Eivor came back to life, but she wasn’t just drunk. She was—oh no!—poison-drunk. Everything was black and white and wobbly.

This wasn’t as funny. And it wasn’t fading away. At least, not quickly enough.

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Screenshot: Ubisoft / Kotaku

I had read that sleeping makes the regular drunken status go away, so I teleported Eivor back to her settlement, had her go to sleep. She woke up sober, the colors restored.

I fast-traveled back to Wincestre, told myself to play carefully, and climbed a tall building to survey the city.

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Screenshot: Ubisoft / Kotaku

Then I jumped off, hoping to land in a haystack, but misjudged and died.

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Screenshot: Ubisoft / Kotaku

Eivor came back to life on top of the tall building and, you guessed it, she was poison-drunk again.

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Screenshot: Ubisoft / Kotaku

This was annoying, but I had an idea. Maybe the game remembered my most recent state of inebriation. Perhaps if I got drunk (sans poison) I could at least come back to life wobbly, but without the world bleached of color. But it didn’t work. She kept reviving from subsequent deaths in the poison-drunk state.

I could keep fast-traveling to the settlement for some shuteye after each death, but that was going to be too cumbersome. I could try dying less? I probably should have abandoned playing in such a treacherous region, but what’s the fun in that? No, I needed to find a way to quickly cure myself of being poison-drunk while I stubbornly played more quests I wasn’t ready for.

I made Eivor meditate. But that didn’t work.

Then I agreed to listen to a man talk about Jesus. That worked!

Screenshot: Ubisoft / Kotaku

As I was doing all this, I noticed something unexpected. Whenever I was poison-drunk, Valhalla attained an austere beauty. The game looks great in general, but removing the colors lets its light more sharply define its protagonist and the scenery around her.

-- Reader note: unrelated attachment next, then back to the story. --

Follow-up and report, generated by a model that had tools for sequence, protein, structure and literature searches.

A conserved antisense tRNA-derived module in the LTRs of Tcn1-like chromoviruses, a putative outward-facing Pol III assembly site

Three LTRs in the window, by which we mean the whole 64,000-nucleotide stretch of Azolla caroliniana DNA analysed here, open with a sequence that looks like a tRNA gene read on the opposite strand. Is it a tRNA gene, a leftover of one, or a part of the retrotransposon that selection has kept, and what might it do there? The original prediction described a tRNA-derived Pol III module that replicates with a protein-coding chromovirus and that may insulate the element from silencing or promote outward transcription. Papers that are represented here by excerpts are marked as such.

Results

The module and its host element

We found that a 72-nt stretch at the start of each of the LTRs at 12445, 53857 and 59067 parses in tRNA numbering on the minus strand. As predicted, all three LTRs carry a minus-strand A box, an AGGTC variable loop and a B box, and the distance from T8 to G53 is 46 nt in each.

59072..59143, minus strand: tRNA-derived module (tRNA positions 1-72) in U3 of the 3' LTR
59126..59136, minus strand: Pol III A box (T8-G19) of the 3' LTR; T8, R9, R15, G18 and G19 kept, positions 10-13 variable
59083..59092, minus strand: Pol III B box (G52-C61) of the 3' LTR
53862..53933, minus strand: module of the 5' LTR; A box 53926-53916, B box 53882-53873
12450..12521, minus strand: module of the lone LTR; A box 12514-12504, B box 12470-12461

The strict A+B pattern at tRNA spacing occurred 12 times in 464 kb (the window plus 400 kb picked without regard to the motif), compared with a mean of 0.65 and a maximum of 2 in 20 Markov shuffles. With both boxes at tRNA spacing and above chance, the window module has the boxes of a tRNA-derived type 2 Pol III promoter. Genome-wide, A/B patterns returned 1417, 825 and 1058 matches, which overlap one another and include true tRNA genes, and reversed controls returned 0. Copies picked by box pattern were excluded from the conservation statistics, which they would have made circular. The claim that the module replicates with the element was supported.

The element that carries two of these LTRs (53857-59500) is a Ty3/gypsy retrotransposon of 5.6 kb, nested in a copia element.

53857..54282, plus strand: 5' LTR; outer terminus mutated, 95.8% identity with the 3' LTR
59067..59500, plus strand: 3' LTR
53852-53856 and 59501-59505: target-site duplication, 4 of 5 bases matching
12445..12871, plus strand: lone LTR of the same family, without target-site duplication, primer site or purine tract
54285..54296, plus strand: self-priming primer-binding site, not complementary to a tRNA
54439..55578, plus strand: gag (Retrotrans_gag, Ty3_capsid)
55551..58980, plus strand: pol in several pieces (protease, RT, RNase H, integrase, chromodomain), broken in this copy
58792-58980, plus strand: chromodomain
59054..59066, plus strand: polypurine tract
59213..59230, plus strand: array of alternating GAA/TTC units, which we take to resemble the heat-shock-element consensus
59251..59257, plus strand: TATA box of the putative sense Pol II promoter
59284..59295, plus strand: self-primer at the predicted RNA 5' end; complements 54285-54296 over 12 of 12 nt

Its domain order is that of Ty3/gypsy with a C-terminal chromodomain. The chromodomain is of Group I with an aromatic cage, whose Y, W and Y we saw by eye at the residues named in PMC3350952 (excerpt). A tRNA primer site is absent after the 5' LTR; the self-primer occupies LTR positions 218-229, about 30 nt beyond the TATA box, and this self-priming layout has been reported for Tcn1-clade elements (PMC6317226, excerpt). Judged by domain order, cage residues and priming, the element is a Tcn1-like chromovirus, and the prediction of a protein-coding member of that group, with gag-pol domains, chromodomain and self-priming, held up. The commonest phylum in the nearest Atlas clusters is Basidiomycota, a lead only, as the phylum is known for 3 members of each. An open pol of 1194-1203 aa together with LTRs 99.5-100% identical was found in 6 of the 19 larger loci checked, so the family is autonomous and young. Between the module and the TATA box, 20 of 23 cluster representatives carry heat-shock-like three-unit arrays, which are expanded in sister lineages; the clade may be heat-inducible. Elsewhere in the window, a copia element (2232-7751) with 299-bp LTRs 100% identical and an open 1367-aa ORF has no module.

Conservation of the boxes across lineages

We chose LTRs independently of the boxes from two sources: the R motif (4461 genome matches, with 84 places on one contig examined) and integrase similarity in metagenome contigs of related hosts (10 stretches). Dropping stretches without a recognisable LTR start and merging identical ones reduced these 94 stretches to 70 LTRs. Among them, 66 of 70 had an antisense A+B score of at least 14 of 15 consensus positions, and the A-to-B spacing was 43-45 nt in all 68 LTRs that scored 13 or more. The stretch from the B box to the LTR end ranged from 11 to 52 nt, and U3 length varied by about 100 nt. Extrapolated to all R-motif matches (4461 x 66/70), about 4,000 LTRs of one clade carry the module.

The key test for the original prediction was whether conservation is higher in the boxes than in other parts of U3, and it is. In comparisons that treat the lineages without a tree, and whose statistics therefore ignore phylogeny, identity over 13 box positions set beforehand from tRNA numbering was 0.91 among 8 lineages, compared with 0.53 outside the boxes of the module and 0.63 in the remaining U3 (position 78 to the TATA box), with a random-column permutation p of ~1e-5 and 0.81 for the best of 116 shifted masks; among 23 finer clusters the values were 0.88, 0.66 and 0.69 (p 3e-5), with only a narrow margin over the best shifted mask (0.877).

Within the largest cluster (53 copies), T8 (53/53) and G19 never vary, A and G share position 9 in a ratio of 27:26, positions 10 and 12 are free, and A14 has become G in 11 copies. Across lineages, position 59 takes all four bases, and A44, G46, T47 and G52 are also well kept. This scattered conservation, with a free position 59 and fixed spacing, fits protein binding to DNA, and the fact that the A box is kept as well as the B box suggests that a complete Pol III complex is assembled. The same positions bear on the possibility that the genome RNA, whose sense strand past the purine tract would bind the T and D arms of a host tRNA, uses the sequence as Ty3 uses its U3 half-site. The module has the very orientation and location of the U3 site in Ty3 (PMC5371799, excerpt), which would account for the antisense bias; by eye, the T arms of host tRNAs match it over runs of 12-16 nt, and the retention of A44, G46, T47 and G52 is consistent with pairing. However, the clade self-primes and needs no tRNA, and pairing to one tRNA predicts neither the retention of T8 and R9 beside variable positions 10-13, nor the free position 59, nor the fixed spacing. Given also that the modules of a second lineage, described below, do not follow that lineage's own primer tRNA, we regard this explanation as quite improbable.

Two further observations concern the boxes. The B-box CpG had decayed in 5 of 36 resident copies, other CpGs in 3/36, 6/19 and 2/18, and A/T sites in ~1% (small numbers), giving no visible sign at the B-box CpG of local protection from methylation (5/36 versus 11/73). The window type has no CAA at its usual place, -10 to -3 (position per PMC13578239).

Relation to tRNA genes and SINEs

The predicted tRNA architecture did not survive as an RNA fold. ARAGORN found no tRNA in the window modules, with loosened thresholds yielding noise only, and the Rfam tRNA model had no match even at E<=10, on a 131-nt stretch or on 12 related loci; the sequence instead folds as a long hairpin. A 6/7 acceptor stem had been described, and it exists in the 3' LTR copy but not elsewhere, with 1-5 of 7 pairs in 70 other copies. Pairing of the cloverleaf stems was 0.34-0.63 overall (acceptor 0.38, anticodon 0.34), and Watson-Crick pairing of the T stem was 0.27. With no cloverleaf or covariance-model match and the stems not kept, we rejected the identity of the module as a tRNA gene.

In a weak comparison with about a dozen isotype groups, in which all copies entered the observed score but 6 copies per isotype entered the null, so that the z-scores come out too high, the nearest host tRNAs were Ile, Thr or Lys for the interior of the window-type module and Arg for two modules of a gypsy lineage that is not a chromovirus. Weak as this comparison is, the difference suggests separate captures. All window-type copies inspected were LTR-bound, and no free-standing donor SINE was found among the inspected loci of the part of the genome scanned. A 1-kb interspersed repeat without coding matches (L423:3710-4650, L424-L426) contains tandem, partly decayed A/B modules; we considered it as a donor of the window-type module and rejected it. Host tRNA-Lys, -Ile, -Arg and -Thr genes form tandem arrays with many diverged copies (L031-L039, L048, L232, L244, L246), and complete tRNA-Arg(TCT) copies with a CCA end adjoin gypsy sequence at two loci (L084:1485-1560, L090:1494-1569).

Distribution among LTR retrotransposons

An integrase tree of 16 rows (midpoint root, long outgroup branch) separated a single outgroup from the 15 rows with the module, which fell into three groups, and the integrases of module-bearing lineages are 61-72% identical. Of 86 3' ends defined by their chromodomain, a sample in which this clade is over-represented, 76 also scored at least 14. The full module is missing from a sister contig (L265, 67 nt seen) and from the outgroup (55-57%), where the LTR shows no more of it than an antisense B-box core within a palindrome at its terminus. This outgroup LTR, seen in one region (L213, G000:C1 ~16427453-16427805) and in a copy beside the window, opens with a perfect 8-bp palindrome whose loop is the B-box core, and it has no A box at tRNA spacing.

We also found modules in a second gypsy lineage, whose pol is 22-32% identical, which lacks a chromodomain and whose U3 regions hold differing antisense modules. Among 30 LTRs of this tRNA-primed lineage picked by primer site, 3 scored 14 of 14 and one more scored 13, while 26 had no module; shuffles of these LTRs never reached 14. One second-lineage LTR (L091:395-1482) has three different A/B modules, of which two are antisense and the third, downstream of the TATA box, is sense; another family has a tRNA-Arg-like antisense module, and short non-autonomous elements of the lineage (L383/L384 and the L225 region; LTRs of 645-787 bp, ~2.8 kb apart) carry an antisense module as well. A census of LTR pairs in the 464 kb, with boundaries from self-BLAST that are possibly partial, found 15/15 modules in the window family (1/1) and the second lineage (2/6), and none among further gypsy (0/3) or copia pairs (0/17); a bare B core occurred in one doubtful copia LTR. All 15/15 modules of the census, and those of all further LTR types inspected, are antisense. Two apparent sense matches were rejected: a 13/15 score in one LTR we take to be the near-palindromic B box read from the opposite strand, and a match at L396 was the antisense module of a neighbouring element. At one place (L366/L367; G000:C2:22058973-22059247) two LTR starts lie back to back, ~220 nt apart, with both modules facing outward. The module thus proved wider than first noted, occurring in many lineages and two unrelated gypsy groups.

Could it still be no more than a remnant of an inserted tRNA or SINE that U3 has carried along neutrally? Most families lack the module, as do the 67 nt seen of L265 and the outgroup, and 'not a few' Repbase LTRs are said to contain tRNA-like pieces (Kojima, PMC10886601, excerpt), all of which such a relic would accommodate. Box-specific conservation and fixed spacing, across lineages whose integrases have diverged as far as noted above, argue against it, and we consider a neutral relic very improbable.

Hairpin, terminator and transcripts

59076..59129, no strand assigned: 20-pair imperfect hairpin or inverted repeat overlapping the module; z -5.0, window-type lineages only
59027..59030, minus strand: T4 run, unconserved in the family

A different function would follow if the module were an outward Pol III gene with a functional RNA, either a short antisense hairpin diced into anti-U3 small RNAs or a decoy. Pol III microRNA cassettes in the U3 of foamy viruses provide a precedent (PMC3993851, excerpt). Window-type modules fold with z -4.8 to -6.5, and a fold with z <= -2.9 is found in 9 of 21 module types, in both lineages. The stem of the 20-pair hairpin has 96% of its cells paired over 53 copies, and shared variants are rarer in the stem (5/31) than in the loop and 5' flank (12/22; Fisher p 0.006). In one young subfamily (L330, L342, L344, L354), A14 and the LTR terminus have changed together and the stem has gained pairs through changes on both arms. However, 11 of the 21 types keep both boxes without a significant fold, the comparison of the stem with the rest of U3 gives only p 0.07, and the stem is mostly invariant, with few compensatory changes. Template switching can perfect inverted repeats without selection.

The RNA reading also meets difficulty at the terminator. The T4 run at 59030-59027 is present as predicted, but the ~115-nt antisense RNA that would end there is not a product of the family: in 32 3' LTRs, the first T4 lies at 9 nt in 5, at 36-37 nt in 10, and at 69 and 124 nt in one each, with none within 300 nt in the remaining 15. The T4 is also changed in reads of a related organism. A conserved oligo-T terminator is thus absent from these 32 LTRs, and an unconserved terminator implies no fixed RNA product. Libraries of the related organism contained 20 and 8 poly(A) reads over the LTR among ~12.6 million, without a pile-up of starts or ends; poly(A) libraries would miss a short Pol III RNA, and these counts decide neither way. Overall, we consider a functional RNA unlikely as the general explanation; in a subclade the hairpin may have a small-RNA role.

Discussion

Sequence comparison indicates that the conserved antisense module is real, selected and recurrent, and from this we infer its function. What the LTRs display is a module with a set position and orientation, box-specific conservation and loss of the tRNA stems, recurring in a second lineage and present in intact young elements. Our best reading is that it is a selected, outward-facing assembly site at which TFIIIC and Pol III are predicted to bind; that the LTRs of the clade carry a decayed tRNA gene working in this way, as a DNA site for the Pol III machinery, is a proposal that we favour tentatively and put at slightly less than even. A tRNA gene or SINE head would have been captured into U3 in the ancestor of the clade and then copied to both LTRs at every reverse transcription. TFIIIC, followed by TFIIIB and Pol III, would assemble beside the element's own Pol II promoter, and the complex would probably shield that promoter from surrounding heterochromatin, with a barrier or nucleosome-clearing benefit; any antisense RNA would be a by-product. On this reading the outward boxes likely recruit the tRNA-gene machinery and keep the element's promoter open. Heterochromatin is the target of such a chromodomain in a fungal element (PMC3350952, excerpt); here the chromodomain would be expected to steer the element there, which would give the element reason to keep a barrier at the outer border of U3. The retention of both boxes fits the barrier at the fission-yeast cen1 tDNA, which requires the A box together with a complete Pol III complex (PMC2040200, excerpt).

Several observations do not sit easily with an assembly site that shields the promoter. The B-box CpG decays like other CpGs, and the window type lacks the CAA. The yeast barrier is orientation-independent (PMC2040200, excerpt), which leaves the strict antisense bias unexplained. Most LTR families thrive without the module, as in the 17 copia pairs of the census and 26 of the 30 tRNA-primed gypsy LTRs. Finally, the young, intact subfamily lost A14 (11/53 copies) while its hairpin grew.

I started snapping more screenshots.

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Screenshot: Ubisoft / Kotaku

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Screenshot: Ubisoft / Kotaku

I snap a lot of screenshots of Valhalla, and usually do so using the game’s photo mode. I like to use that in-game tool to pause the action, reframe a scene, maybe zoom in or out, though I’d never used any of its filters, which include a black and white one. Instead, I just ran around with the whole game world in this poison-drunk black-and-white state, then paused to go into photo mode. As I lined up one of my shots I discovered how the magicians who made the game did this black-and-white trick.

The poison-drunk effect was an illusion. The game world hadn’t been turned black and white after all. The developers had just placed a filter between my character and the camera. And using the photo mode, I could see exactly how they’d pulled this rabbit out of the hat.

Screenshot: Ubisoft / Kotaku

Amazing!

I could have fun with this. That filter could co-star in my screenshots.

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Screenshot: Ubisoft / Kotaku

It could also make for some cool/interesting GIFs:

Screenshot: Ubisoft / Kotaku

Suddenly, I was having too much fun. I realized I’d miss this. I wouldn’t miss the game going wobbly, but I’d miss seeing it through this filter. I’d miss playing with an unexpected visual trick, and I’d miss the feeling I’d transgressed into the game’s code and found something beautiful in a glitch.

I would like Eivor to come back to life without the whole world being blurry, though. So bring on that patch.